For more information on the exhibition, visit PAFA here.

 

Historic Gallipoli Campaign Warship Restored in UK

The newly restored HMS M 33 displayed at the National Museum of the Royal Navy, Portsmouth, England.

The newly restored HMS M 33 displayed at the National Museum of the Royal Navy, Portsmouth, England.

The shallow-draft monitor HMS M 33 was opened to the public at the National Museum of the Royal Navy, Portsmouth, England, on August 6, 2015.  The vessel, which took part in WW1 operations at Gallipoli, Salonika, and later in north Russia, recently underwent a £2.5M restoration to her 1915 configuration and can now be explored by visitors to the museum who can experience special audio-visual enhancements interpreting the vessel’s role in the campaign.

Equipped with 6-inch deck guns, the monitor M 33 was designed for close-in shore bombardment of enemy positions.  The formal opening ceremony at the Royal Navy Museum took place on the 100th anniversary of the start of the August offensive in Gallipoli, and was attended by descendants of the Gallipoli campaign.

The monitor HMS M 33 seen in the Aegean Sea during WW1.

The monitor HMS M 33 seen in the Aegean Sea during WW1.

HMS M 33 is one of a handful of WW1 historic naval vessels around the world today which include the light cruiser HMS CAROLINE in Belfast, Northern Ireland, the protected cruiser USS OLYMPIA in Philadelphia, Pennsylvania, and the battleship USS TEXAS in Corpus Christi, Texas.

 

Panel Selects Finalists for National WW1 Memorial Design

The statue of Gen. John J. "Blackjack" Pershing which stands in Washington DC's Pershing Park.

The statue of Gen. John J. “Blackjack” Pershing which stands in Washington DC’s Pershing Park.

An independent panel has selected five finalists from among the approximately 350 design proposals received by the US World War 1 Centennial Commission for a new national World War 1 memorial to be created in Washington DC’s Pershing Park.  The winning design will be announced in January 2016.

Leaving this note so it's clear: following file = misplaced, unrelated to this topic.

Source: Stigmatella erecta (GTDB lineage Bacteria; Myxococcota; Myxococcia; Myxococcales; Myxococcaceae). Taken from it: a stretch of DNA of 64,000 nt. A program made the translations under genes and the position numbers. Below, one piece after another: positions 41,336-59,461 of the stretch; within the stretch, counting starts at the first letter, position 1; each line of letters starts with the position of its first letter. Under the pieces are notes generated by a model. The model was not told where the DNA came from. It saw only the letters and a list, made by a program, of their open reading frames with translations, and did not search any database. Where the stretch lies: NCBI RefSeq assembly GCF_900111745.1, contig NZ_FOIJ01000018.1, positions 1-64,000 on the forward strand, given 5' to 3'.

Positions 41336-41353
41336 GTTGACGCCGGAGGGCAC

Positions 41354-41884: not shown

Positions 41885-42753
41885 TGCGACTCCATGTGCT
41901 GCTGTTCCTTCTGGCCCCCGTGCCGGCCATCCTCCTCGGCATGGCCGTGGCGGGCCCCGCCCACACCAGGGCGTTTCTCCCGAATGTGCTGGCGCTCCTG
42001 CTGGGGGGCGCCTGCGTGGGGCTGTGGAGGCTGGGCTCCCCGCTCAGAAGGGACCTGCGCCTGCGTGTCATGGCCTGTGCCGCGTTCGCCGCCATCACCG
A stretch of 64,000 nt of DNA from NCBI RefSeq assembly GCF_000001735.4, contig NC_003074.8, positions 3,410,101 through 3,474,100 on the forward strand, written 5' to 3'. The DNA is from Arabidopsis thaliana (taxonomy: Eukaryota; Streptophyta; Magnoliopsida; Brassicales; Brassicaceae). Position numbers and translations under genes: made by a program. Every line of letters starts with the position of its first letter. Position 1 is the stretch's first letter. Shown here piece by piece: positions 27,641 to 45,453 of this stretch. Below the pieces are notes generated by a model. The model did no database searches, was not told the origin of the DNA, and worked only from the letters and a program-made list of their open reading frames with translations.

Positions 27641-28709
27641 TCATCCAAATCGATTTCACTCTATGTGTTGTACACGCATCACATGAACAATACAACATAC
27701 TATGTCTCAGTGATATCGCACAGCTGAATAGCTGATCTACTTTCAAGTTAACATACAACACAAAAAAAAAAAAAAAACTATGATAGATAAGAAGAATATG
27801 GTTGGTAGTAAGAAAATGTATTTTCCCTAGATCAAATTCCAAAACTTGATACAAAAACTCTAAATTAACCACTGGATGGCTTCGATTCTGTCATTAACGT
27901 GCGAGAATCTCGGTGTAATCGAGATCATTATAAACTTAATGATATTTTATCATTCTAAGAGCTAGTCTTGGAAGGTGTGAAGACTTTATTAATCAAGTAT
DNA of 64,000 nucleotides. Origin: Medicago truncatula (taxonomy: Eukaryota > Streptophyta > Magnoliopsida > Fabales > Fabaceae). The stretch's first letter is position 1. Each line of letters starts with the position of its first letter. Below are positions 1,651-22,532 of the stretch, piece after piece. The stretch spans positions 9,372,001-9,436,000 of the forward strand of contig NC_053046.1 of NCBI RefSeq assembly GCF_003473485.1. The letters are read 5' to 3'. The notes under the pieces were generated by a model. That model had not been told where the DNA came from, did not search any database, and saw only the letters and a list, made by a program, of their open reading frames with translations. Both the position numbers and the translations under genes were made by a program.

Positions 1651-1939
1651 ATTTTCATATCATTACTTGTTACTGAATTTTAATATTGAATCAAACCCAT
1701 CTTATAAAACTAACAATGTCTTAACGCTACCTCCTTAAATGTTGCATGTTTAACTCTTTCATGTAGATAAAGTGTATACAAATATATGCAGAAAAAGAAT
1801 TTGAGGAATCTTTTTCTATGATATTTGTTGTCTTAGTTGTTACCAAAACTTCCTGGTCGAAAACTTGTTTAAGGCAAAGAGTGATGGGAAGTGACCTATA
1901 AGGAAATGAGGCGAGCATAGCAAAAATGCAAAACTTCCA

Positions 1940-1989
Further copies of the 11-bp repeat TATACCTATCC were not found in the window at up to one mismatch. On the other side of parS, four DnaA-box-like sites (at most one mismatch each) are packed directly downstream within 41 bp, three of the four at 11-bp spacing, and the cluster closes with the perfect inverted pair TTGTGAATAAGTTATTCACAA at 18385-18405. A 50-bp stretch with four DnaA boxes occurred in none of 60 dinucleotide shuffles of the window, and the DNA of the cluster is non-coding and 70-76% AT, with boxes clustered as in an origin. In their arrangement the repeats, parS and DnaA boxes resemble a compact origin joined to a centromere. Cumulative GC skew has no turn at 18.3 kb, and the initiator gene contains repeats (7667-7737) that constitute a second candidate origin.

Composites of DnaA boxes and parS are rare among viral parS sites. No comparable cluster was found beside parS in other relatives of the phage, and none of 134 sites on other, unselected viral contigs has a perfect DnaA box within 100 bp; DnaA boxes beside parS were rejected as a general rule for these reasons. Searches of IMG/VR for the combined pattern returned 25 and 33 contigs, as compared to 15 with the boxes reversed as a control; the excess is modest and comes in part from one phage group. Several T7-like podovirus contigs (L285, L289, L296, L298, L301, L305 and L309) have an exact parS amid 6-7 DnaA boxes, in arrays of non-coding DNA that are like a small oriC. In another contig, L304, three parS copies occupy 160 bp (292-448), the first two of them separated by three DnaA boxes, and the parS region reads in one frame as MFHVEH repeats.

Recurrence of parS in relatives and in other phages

The location for the new memorial is Pershing Park located along Pennsylvania Avenue between 14th and 15th Streets NW, approximately 1 block from The White House.  The park currently contains a statue of General John J. Pershing who commanded the American Expeditionary Forces in World War 1.  A place on the National Mall for the memorial is not possible due to a National Park Service moratorium on new memorials there.

The request for proposals specified designs which could be completed for $20M-$25M.  According to DoD sources, the five finalists are: “Plaza to the Forgotten War,” submitted by Andrew Cesarz, Johnsen Schmaling Architects; “World War One Memorial Concept” by Devin Kimmel; “The Weight of Sacrifice” by Joseph Weishaar; “An American Family Portrait Wall in the Park” by Luis Collado, Jose Luis de la Fuente, Jose Luis Perez-Griffo, Ignacio Espigares, Marta Bueno, Shoko Nakamura, of STL Architects; and “Heroes’ Green” by: Maria Counts.

For more details, see the DoD press release here.

New Account of America’s First WW1 Offensive: FIRST OVER THERE – THE ATTACK ON CANTIGNY

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Former soldier and now author Matthew J. Davenport’s new account of the first sustained American offensive of the First World War – the Battle of Cantigny – provides a fresh look at this May 1918 battle in France.  FIRST OVER THERE – THE ATTACK ON CANTIGNY (MacMillan 2015), makes use of carefully researched primary source materials to weave together an account of how the men of the US 1st Infantry Division went “over the top” to take and hold the frontline village of Cantigny.  From the publisher: “At first light on Tuesday, May 28th, 1918, waves of American riflemen from the U.S. Army’s 1st Division climbed from their trenches, charged across the shell-scarred French dirt of no-man’s-land, and captured the hilltop village of Cantigny from the grip of the German Army. Those who survived the enemy machine-gun fire and hand-to-hand fighting held on for the next two days and nights in shallow foxholes under the sting of mustard gas and crushing steel of artillery fire.”